He also mentioned that generally if you put down on a road and the aircraft survives, the police will give you one of two choices: if you are really lucky and you can, they will block the road and let you fly out. More likely, they will force you to get a aircraft moving company, take off the wings, and haul the plane to the nearest airport - more expensive than any fine they will give you, and reinforces the concept "don't land on the road". Then the Canadian Dept. of Transport (and presumably same goes for the feds in the USA) will investigate any safety incident involving an aircraft and give the appropriate penalties including (I assume) fines and pilot license suspension or loss, depending on why the problem. One of the most common causes of engine failure is fuel exhaustion, or assorted other mismanagement like failing to flip over to the other tank in time.

Last edited by md2000; 08-14-2018 at 12:03 AM.
  #37  
Old 08-14-2018, 07:17 AM
ElvisL1ves ElvisL1ves is offline
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Recall a flight near Atlanta back in the 70's or 80's where a 737 (or was it a 727?) flew through a hailstorm thunderhead (brilliant bit of piloting) and tried a dead landing on an interstate at night... the almost made it, actually touched down but clipped a light standard with a wingtip and shredded killing quite a few passengers.
Southern Airways 242, a DC-9 in 1977.

Quote:
He also mentioned that generally if you put down on a road and the aircraft survives, the police will give you one of two choices
All that and more, but (A) You'll be alive, and (B) Your only problem is likely to be financial. Legally, you did what you had to in an emergency. In the US, don't forget to file your NASA form - it isn't exactly a Cloak of Protection, but it's close.
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Old 08-14-2018, 08:04 AM
BrotherCadfael BrotherCadfael is offline
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My first thought on seeing the thread title was, "treadmill"?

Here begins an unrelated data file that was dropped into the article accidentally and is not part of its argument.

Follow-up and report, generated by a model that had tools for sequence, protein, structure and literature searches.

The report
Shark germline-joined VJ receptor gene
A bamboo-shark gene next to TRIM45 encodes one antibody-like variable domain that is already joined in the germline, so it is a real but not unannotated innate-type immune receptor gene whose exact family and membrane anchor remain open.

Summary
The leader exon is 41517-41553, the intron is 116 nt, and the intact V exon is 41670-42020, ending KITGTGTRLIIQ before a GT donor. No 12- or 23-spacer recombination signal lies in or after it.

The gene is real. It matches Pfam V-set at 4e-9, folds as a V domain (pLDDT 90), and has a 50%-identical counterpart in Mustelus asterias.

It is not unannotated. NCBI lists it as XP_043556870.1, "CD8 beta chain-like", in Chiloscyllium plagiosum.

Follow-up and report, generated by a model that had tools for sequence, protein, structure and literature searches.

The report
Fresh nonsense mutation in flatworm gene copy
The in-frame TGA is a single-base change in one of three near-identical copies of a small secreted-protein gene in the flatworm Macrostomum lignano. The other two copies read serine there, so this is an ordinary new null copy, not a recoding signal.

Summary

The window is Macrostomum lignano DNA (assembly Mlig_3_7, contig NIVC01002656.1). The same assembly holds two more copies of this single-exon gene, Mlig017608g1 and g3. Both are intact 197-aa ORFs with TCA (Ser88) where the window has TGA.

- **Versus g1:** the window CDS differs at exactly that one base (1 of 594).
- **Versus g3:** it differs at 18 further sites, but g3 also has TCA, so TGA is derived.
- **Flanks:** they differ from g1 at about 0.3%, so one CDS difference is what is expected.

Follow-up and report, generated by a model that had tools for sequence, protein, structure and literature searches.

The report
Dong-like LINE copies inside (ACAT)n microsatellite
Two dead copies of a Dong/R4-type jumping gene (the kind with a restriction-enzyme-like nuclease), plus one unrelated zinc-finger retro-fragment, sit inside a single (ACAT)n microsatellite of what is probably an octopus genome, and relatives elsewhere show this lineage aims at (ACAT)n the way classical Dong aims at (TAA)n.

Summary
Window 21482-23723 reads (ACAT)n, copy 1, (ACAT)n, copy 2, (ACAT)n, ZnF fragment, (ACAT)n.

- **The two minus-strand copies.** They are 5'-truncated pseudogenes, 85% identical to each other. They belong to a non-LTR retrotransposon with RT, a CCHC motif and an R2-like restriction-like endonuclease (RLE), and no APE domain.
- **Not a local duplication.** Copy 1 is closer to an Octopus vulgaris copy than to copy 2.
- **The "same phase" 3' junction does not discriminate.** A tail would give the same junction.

#39  
Old 08-14-2018, 11:14 AM
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You can't land on a treadmill, you'll never slow down enough to land...
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  #40  
Old 08-14-2018, 11:56 AM
ElvisL1ves ElvisL1ves is offline
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Carry the treadmill aboard with you. If you get in trouble, just reach out and hold it under the landing gear, and set it to whatever speed it takes to touch down softly.
  #41  
Old 08-14-2018, 10:04 PM
Magiver Magiver is offline
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My son is taking pilot lessons. His instructor told him,
His instructor told him wrong. Soy beans tend to wad up in the gear. It's not the optimal crop to land in.

Roads work just fine in an emergency if you can see the wires crossing it. landing speeds tend to be similar to highway speeds so it's easy to "merge" into traffic. You can cross-control a plane to fudge the approach to help the merge process.

Cars outweigh small planes and are structurally much stronger.
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Old 08-14-2018, 10:43 PM
rsat3acr rsat3acr is offline
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Can't speak about planes since I only flew Hueys in the Army. In flight school our mapboards that we carried had to have written in large print, ALL ROADS HAVE WIRES. Power lines will flat out mess up a helicopter. We did practice emergency landings all the time, both with power recovery and to the ground autorotations. Of course helicopters have the advantage of lower airspeeds. Can have a zero(for all practical purposes) horizontal and vertical airspeed when touching down during an autorotation. As for the 8:1 glide ratio the other pilots are talking about, our was about 1:1 and since we were seldom over 500 above ground level we didn't have long glide distances. Any time there was an instructor pilot in the other seat on anything but an actual mission you could bet they'd roll the throttle sometime during the flight.

Last edited by rsat3acr; 08-14-2018 at 10:44 PM.
  #43  
Old 08-15-2018, 05:35 AM
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Originally Posted by Magiver View Post
His instructor told him wrong. Soy beans tend to wad up in the gear. It's not the optimal crop to land in.
I'm not sure there exists an "optimal crop" - from experience, hay will also get caught up in the gear so presumably wheat would also. Corn I've already covered. You're right about soybeans getting into the gear (also experience, not my bad that time, I just helped the clean up). Pretty much anything other than mowed turf has issues.
  #44  
Old 08-15-2018, 08:07 AM
ElvisL1ves ElvisL1ves is offline